More details have emerged about Sprint’s deal with broadcasters to include FM receiver functionality in some of its mobile devices. In simple terms, broadcasters have cobbled together a package of subsidies to the nation’s #3 wireless carrier in order to buy access to that market.
Sprint will enable FM radio reception capability in at least 30 million phones over the next three years, using Emmis Communication’s NextRadio app as the interface.
In exchange, broadcasters will pay Sprint 30% of any "interactive" advertising revenue generated via the app on those phones. Emmis sweetened the deal by pledging Sprint $45 million in advertising inventory over three years ($15 million per year, allocated quarterly). Continue reading “Sprint's Radio Deal: Some Context”
We’re going into HD Radio‘s 11th year on the air. So far, the technology’s proliferation has been underwhelming, to put it mildly. However, proponents of HD are working on several projects which they hope will break it into the mainstream. They are: Continue reading “HD Radio's Multifaceted Search for Traction”
GeoBroadcast Solutions, developer of the "ZoneCasting" FM transmission system, will conduct a full-scale commercial test in Florida next spring or summer. The test-station will be WRMF, an independently-owned adult-contemporary music outlet in West Palm Beach.
Although the FCC has yet to grant experimental authorization for this test, GeoBroadcast and Palm Beach Broadcasting have already secured FM booster-transmitters and a simulcast coordination system from Harris and are negotiating tower leases for the boosters. Continue reading “ZoneCasting: Commercial Test in 2013”
Radio World reports that GeoBroadcast Solutions, the company behind “ZoneCasting” technology, will commence long-term field trials on a station in southeast Florida this fall and is preparing for a “commercial launch” as of now left undefined.
[For those just tuning in, ZoneCasting uses FM booster stations to break up a full-power station’s primary coverage area into “zones,” each one covered by its own booster. This allows the parent station to program each zone separately, offering geo-targeted advertisements, news, community information, and emergency messages.] Continue reading “ZoneCasting Prepares Further Field Trials, Eyes Official Launch”
Radio World has followed up on a report released this spring by the Society of Broadcast Engineers that examined the aging nature of the profession.
The article explores several explanations for why young folks aren’t going into the technical side of radio and television: in addition to consolidation and automation, employment-competition from industries such as information technology and wireless telecommunications has also had an impact. Especially when jobs in those fields generally pay (much) better and offer a stronger sense of job security. Continue reading “Dearth of Broadcast Engineers Felt Beyond Station-Level”
A proposal by Geo Broadcast Solutions to use FM booster stations to originate programming in a networked configuration attracted a paltry dozen comments to the FCC. None of the country’s major commercial or noncommercial broadcasters filed their thoughts on “ZoneCasting,” although those who did comment unanimously supported the idea and urged regulators to move forward with a rulemaking proceeding to allow this radical new use of boosters. Continue reading “Tepid Response to ZoneCasting's Petition for Rulemaking”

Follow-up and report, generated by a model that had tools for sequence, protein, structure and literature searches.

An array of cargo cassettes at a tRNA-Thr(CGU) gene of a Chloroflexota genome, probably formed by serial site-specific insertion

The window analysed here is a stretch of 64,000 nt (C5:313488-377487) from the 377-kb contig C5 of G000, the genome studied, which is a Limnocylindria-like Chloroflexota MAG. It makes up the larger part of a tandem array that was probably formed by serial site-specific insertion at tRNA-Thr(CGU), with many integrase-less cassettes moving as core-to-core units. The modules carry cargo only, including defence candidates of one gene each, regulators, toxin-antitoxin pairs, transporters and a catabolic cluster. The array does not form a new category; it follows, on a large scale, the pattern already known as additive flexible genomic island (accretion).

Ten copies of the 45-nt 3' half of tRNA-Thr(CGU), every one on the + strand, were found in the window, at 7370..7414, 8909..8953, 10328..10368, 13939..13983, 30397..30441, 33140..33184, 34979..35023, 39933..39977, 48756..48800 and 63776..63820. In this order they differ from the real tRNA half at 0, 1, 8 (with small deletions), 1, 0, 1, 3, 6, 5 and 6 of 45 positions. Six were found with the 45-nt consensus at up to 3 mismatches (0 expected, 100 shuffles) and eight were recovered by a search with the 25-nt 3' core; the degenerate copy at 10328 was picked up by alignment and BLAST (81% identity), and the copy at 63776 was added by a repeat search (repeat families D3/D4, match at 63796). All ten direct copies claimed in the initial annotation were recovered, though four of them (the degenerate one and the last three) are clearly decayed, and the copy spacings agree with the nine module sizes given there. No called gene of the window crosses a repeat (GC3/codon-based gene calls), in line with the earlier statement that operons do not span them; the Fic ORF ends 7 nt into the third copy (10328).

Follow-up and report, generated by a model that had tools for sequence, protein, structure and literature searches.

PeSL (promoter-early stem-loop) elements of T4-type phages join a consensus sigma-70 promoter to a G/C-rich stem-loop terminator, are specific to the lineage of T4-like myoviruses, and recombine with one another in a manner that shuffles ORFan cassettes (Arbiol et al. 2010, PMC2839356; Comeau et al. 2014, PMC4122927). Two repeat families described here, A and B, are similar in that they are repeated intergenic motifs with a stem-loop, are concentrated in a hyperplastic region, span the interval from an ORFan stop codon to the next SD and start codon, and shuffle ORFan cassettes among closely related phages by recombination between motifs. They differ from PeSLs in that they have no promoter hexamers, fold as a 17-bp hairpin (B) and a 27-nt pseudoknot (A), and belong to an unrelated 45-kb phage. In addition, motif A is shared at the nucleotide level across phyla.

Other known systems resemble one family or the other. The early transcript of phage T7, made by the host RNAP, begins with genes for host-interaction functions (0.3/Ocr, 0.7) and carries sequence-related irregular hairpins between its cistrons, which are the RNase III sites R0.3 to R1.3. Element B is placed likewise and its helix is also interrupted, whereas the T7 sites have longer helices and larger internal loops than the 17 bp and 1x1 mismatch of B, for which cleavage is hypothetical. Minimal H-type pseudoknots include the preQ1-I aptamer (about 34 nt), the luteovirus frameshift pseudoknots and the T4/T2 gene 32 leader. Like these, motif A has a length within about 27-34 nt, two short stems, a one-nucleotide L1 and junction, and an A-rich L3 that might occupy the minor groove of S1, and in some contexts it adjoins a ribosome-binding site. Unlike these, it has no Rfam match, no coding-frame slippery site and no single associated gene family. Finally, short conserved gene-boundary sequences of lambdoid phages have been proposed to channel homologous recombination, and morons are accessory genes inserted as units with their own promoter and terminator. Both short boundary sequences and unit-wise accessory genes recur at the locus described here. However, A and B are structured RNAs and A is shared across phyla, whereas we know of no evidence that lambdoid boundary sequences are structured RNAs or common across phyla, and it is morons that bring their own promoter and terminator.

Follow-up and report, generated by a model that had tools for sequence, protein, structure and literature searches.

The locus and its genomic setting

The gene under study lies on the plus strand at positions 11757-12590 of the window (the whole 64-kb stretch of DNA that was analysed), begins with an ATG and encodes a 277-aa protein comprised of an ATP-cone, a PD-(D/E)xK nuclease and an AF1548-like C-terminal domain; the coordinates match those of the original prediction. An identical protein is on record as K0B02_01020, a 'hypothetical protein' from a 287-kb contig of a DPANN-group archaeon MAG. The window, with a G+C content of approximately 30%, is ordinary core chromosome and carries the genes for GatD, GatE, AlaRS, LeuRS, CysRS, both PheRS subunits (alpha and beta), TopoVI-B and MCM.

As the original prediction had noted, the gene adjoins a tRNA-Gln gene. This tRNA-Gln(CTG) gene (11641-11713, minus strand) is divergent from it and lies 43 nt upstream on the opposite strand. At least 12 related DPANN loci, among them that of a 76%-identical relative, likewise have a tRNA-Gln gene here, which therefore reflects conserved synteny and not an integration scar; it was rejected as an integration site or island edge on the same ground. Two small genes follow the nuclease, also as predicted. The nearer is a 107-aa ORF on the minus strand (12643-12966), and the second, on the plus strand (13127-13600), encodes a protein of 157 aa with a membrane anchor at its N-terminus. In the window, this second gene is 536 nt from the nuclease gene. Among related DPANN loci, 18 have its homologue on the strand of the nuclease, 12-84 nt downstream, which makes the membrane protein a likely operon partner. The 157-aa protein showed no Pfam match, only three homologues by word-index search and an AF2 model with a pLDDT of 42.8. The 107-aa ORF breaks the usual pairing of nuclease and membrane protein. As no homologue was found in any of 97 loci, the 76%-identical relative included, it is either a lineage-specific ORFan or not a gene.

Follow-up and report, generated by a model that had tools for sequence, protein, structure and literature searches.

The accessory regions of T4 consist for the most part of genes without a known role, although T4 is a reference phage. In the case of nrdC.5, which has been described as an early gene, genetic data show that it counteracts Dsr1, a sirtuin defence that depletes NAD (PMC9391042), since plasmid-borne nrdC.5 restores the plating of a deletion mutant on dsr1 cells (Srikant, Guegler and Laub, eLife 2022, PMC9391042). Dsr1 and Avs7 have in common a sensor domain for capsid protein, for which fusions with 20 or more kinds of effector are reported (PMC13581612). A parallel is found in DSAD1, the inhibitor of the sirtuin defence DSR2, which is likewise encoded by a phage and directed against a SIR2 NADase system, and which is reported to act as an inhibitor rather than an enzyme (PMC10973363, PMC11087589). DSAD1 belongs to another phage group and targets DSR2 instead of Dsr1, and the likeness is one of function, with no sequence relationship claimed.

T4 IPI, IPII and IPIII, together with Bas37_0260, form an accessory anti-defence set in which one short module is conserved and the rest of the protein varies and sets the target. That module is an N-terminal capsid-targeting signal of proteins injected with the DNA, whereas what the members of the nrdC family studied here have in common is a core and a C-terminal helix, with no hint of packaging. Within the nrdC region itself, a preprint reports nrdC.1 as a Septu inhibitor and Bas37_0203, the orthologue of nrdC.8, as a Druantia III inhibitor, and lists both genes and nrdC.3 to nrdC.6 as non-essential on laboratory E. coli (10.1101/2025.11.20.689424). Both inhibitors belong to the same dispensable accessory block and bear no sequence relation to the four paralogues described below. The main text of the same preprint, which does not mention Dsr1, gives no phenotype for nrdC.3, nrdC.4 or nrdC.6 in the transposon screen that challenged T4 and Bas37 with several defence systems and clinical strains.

On June 6, the House of Representatives’ Subcommittee on Communications and Technology held a hearing on “The Future of Audio” – an open-ended, quasi exploratory affair covering several subjects. Of note was the testimony of Jeff Smulyan, the President and CEO of Emmis Communications.
Emmis, in conjunction with iBiquity Digital Corporation and Intel, unveiled a prototype smartphone with FM-HD reception capability at the National Association of Broadcasters’ annual convention in April. The NAB itself has publicly acknowledged that getting FM reception into phones is its number one legislative priority this year. Continue reading “Broadcasters Begin Push for Radio Chips in Phones”
A recent paper (PDF) from the Society of Broadcast Engineers paints a stark picture for the vocation of broadcast engineering.
The SBE notes that the number of broadcast engineers (especially those employed full-time) has been in a steady decline since the 1980s. This is when the FCC began getting rid of rules that required engineers to hold specific (and often multiple) qualifications to work at radio and television stations. Broadcasters could thus get by with fewer engineers, and many jobs which engineers used to do could now be done by lesser-qualified staff. Continue reading “Broadcast Engineers: A Dying Breed?”
This week a D.C. communications law firm working with Geo Broadcast Solutions (GBS) unveiled the company’s Petition for Rulemaking at the FCC, which proposes to allow FM radio stations to use multiple booster transmitters for the provision of “targeted” programming.
The proposal stands to dramatically reconfigure the nature of an FM broadcast station: instead of one large transmitter covering a single area, GBS’ ZoneCast technology would allow stations to deploy as many as seven booster stations on their parent frequency, with each booster targeting a specific region of a station’s primary coverage area. Continue reading “Details Emerge of ZoneCast Pitch to FCC”
It’s not just the AM dial that’s being considered for reconfiguration.
A company called GEO Broadcast Solutions has developed a technology called “ZoneCasting,” which effectively allows FM radio stations to split up their coverage areas into unique regions featuring hyper-local content and advertising. Continue reading “ZoneCasting's New Twist on FM Broadcasting”